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Favorite thing: The shore along Cinque Terre is very steep, with high cliffs, and very hard to approach! Even nowadays it's difficult to reach any of the villages of Cinque Terre (unless you take the train) because although small distances in kilometres, due to narrow roads, very curved and with the abyss beside is quite difficult to drive, and it's very slow! So, the villages are situated in a wilderness let's say :) but that only preserves their authenticity!
Written Dec 25, 2004
Favorite thing: There are 2 places to use the internet in Vernazza.
The main one is The Internet Point, which has several terminals. The other is at the Blue Marlin Cafe, where there are a couple of computers.
We normally go to The Internet Point for our computing needs (ie. checking VT!!).
It is not cheap, but I can only go without the computer for so long.....
Coming from the train station, it is located on your left towards the bottom of the hill.
Written Nov 15, 2004
Favorite thing: Corniglia is placed on a kind of hill plateau and can be reached by steep steps from the train station. The village was built around the year 1000 and has two small beaches. Corniglia is connected with Manarola by a paved coastal path, whereas the trail to Vernazza in the north just leads along a small natural coastal path.
Written Oct 12, 2004
Favorite thing: The coulorful houses of Manarola are situated on the end of a small hill. The medieval village is famous for its vineyards and the Cinque Terre wine. Manarola is connected with Riomaggiore by a paved coastal path called "Via dell’ Amore".
Written Oct 12, 2004
Favorite thing: At the peer of the "town harbour" there is a beach that people actually use for swimming although it's tiny and not so clean, and there are boats everywhere. Vernazza is not made for swimming actually. it's more interesting to stroll around, enjoy the view and observe the peculiar style of building houses on steep cliffs.
Updated Sep 26, 2004
Favorite thing: Planning your time in the Cinque Terre can make the difference between spacious relaxation and fighting for a spot at the beach. Because of the Cinque Terre's proximity to Germany and other Italian cities, it has become a popular weekend trip for German and Italian tourists (not to mention Americans on vacation). Try to plan your visit on a weekday, when many of the day trippers are still at work.
Written Sep 19, 2004
Favorite thing: You'll run into lots of people who will tell you that the Cinque Terre can be hiked in one day. It can, but don't do it. Not only is it a good 4-5 hour hike in the hot summer sun, but you'll miss the finer nuances and scenery of this beautiful area. Spend some time in the individual villages, shoot lots of pictures. We spent 5 days here which we thought was just enough. We had time to walk the whole Cinque Terre trail, both ways, and to experience most of the food and scenery that the region has to offer. A note on Cinque Terre trains, they are notoriously slow and sometimes they don't come at all. If you plan on hiking to another village, be sure you know the train schedule back. We arrived in Cornilgia one night expecting to catch the 8:00 pm train back to Vernazza. Without explanation, the train simply didn't show. The next train wasn't until 11:00 pm. 3 hours is a lot of time to spend in Cornilgia, so we ran the trail back to Vernazza before it got dark. (BTW, it can be done in 30 minutes)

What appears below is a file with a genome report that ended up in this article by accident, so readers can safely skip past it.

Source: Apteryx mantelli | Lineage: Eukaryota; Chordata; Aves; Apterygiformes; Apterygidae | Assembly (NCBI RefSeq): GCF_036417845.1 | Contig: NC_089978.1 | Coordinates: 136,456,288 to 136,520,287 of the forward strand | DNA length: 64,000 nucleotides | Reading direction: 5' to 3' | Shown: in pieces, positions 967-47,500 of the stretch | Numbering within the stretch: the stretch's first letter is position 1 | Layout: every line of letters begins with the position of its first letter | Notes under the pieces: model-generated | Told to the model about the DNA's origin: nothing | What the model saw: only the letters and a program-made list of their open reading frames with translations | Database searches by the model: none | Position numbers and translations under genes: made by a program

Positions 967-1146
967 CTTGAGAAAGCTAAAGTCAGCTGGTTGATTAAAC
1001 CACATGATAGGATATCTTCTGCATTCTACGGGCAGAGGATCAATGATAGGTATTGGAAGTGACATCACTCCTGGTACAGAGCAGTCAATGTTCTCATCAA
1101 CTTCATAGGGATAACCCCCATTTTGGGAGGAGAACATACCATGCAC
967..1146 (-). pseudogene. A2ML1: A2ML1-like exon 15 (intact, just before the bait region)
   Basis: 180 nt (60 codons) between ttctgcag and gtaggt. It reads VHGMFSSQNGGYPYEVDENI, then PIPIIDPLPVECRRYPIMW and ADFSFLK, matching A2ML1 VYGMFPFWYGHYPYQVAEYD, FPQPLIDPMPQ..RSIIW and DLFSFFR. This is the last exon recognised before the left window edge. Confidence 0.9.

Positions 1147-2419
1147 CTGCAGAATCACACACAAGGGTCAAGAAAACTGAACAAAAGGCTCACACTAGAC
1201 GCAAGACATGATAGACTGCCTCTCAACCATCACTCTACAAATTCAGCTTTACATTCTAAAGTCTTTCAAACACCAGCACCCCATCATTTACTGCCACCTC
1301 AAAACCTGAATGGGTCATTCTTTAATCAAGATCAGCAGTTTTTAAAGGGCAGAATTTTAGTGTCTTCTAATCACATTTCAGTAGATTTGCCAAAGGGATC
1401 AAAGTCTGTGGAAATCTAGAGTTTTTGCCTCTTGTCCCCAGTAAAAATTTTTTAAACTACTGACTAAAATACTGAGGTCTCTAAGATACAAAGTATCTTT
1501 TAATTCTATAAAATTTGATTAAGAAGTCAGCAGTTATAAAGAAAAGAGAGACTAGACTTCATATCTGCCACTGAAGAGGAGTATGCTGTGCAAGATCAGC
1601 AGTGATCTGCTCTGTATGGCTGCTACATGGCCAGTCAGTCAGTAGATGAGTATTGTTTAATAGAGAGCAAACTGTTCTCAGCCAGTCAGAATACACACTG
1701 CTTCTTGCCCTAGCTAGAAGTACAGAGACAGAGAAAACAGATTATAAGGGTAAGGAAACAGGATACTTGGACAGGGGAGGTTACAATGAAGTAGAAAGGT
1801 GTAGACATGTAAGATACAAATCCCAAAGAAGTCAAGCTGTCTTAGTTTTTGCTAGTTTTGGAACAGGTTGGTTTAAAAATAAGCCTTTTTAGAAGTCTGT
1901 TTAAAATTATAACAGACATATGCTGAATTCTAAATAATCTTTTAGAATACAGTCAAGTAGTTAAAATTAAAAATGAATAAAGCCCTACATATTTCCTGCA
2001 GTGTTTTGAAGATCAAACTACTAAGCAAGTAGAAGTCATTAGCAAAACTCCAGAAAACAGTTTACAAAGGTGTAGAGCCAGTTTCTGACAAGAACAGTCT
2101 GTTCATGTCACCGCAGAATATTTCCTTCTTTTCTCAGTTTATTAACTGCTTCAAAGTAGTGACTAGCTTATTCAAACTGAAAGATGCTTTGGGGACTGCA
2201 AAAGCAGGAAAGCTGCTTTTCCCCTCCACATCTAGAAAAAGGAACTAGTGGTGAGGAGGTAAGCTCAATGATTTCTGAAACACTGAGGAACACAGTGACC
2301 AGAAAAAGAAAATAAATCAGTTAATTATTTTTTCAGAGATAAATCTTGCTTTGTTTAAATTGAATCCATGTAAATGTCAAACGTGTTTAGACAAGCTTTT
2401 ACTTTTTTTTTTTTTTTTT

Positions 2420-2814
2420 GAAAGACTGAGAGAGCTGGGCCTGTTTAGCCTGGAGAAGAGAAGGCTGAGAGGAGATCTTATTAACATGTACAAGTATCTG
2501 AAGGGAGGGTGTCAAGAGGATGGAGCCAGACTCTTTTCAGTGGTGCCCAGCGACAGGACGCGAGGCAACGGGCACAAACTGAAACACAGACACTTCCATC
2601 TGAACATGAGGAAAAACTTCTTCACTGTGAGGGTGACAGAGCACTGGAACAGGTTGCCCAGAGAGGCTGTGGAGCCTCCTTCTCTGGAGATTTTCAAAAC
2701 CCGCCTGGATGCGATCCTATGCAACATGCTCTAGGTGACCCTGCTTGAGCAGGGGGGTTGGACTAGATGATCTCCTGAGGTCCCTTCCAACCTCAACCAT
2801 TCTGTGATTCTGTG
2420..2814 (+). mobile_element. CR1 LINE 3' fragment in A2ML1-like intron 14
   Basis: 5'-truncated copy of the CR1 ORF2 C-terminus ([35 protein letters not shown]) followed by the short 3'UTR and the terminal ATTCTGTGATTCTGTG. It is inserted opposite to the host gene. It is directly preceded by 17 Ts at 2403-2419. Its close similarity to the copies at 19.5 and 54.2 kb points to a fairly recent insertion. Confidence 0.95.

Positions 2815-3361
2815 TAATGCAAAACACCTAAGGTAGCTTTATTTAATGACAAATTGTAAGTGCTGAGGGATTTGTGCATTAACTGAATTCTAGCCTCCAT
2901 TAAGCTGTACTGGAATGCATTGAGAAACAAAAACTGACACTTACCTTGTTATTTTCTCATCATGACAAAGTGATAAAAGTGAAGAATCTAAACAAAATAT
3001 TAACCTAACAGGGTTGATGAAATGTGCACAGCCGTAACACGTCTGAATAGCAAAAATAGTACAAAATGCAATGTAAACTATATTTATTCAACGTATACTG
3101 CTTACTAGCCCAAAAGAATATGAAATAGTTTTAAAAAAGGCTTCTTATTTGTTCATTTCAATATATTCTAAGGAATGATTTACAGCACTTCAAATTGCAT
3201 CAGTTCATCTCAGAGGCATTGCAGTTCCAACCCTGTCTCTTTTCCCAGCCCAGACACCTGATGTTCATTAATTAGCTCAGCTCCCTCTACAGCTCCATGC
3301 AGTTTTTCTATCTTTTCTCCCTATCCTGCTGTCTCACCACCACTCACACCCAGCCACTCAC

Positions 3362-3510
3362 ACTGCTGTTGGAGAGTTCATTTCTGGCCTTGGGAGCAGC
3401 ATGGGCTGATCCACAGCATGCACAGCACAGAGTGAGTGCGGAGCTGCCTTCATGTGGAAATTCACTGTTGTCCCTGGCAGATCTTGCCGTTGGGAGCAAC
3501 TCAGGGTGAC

Updated Aug 25, 2004
Favorite thing: If you have to stay in only one place in Cinque Terre, stay in Vernazza. Don't rush your visit, the place is beautiful. We stayed 5 days, which gave us plenty of time to take leisurely hikes between all the villages and lay around in the sun. You can also rent your own motorboat in Vernazza for a day on the water. Monterosso is overpriced and lacks the character of Vernazza. If you must experience the beaches, people, and nightlife in Monterosso, do yourself a favor and just take the train for a day trip and return to this wonderful village at night.
Fondest memory: Renting a motorboat for two hours and seeing all the villages from the ocean. Eating the best gelato in all of Italy. Buying some cat food and feeding the "homeless" cats between Vernazza and Corniglia. Italians (particularly in Cinque Terre) love their cats and take care of them. Even the homeless ones are well fed. Too bad they haven't learned to have them "fixed." Earn yourself some good karma and feed these guys on the trail. Often you'll find a bag of catfood nearby that someone else has left them, they may just need a scoop on the ground. At the very least leave them some water as the trails areas are very dry.
Written Aug 25, 2004
Favorite thing: A self-service laundromat can be found on Vernazza's main street. It costs 4.5 euro to use the washer and another 4.5 euro to use the dryer. Tokens for the washing machines are available at the Blue Marlin Bar next door. Instructions are in English. Allow about an hour for a large load. Benches are provided for the wait, but time is better spent wandering down to the harbor to look around.
Written Jul 23, 2004
Favorite thing: The Cinque Terre Card provides a convenient way to travel between villages. Available at train stations, the card covers all train, trail, and bus fees for a one day (€5.20), three day (€12.40), or seven day (€19.60) period. The card is a great value if you plan to hike between three or more villages and use the trains. Buses run twice every hour between the villages. If traveling by train, be sure to validate your card in a yellow punch box before boarding.
Written Jul 23, 2004
1 Review and 122 Opinions As with most accommodation in Vernazza, La Mala is accessed by many steep steps. Be rest assured...